The objective of the LMC is to improve the accuracy of the final T2 porosity distribution. The LMC extends the operational range of the NMR-LWD method and enables more advanced petrophysical NMR applications. In addition, the LMC approach can be used to quantify the lateral-motion effect and to mark intervals where the motion effect is too severe to be fully corrected.
The LMC was developed by analyzing the potential lateral-motion effect on numerous NMR-LWD data in combination with numerical simulations. By using drilling dynamic simulations of a complete bottomhole assembly (BHA) under realistic drilling conditions, motion paths of an NMR sensor were calculated, which were then used to simulate NMR signals. Actual data and the NMR simulation indicate that lateral-motion effects can be adequately described by a four-parametric function. Two parameters describe an exponential decay, while the other two parameters describe a periodic variation of the amplitude. The motion effect function was integrated into the forward matrix of the NMR joint inversion, and a non-linear optimization algorithm was used to determine the four motion parameters and, if present, to compensate for lateral-motion effects.
Although motion paths are typically complex, the motion periodic characteristic relates to the revolutions per minute (RPM) of the BHA. The amplitude of the motion mainly depends on the drilling regime (e.g., from “smooth” drilling to whirl), the gap between the BHA stabilizers and the borehole, and the borehole inclination. Numerical simulations show that the NMR motion effect is small-to-negligible if an NMR-LWD tool has a low magnetic field gradient and has adequate stabilization.
The correction method was tested on synthetic and real NMR-LWD data from more than 30 runs with different realizations of lateral motion. The approach is robust and works for all data sets. The magnitude of the lateral motion effect is reliably shown by the implemented multiple quality control indicator. Some examples of synthetic and actual NMR data with and without LMC are included.
The inversion that includes the LMC improves the quality of the T2 spectrum, which is important for standard and advanced NMR applications, such as accurate calculation of volumetrics (e.g., movable fluid, bound/irreducible fluids) and pore size distribution, as well as improved estimation of fluid viscosity and formation permeability.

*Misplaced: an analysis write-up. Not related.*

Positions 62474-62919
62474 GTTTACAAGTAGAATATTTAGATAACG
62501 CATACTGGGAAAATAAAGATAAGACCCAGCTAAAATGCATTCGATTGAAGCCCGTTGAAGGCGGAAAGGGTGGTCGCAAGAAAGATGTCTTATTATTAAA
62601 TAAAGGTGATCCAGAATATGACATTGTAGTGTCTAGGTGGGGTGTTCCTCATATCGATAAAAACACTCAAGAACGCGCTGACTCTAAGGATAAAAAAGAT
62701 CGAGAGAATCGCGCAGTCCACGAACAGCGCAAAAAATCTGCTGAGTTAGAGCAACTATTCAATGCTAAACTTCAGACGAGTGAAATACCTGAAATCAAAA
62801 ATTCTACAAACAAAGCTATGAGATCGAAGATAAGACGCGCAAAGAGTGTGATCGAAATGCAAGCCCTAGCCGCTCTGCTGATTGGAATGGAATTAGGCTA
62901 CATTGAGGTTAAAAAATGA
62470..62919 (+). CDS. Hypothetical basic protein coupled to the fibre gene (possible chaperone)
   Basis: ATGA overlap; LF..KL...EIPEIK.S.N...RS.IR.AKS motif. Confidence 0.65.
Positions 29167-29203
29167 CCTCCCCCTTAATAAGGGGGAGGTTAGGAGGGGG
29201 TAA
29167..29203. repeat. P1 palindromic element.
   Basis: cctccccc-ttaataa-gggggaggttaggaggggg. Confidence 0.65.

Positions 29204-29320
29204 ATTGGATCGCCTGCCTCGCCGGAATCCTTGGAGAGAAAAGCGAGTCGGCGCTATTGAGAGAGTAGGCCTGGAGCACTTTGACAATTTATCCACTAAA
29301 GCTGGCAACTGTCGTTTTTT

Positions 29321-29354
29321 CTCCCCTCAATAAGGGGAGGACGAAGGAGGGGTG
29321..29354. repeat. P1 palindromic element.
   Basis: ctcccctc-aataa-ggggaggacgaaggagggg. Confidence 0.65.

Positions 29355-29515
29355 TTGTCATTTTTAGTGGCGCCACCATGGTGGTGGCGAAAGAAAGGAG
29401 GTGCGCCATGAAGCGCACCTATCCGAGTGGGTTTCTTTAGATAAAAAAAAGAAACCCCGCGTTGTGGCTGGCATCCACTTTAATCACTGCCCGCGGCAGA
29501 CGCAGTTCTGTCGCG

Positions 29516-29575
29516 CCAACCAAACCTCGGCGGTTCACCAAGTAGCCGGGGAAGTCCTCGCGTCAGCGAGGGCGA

Abstract Objective /Scope: The objective of the study was to examine the effectiveness and results of geosteering horizontal wells in the Green River Formation of the Uinta Basin in northeast Utah using a deep directional resistivity tool. Using real-time Logging While Drilling (LWD) measurements, geosteerer maximized exposure in open and marginal lacustrine sands while simultaneously provided imaging information that described the horizontal target zone thickness and identification of faults or folds. This tool provided geosteerers data to map the subsurface without drilling additional vertical delineation wells. Methods /Procedures /Process: Steering within the lacustrine sands of the Uinta Basin is often difficult because the primary target sands can be laterally discontinuous and below seismic resolution where seismic data is available. Changes in channel direction or thickness combined with local formation dips or faulting create complex log signatures which make geosteering within target sands difficult. Using a deep directional resistivity tool that imaged the resistivity contrasts at bed boundaries of the target zones, allowed geosteerers to remain in the higher resistivity reservoir rock with minimal directional changes. Inversion information enabled the measurement of the top and base of the target zone without drilling up or down which also mitigated a risk of exiting the target zone. Results /Observations /Conclusions: By using azimuthal resistivity information while drilling, the horizontal wells drilled were geosteered more effectively in the highest quality reservoir rock with lateral lengths of one mile or greater. In addition, an increase in the lateral length can potentially support drilling multiple wells from the same location which has a smaller surface footprint in a development program. The real-time LWD data allowed the laterals to be steered in zone for longer and the data was used post well to create new estimations of sand thickness in areas with sparse offset well data. Using the inversion technique of the deep directional resistivity tool, formation thicknesses were interpreted to be thinner or thicker than seen on the offset well data and faults were more easily identified. Applications /Significance/Novelty: Using an advanced inversion technique in real-time enabled the mapping of the reservoir thickness while drilling, and because the inversion isn't dependent on a prior model, a more accurate representation of the stratigraphy can be mapped with confidence. Based on the information provided by the inversion, it was possible to map target thickness as the borehole drilled away from well control. In addition, after encountering a fault, the deep reading inversion allowed for a smooth re-landing back in the target zone. The data was easily visualized and shared over the internet in real-time allowing decisions to be made quickly without slowing the drilling operation.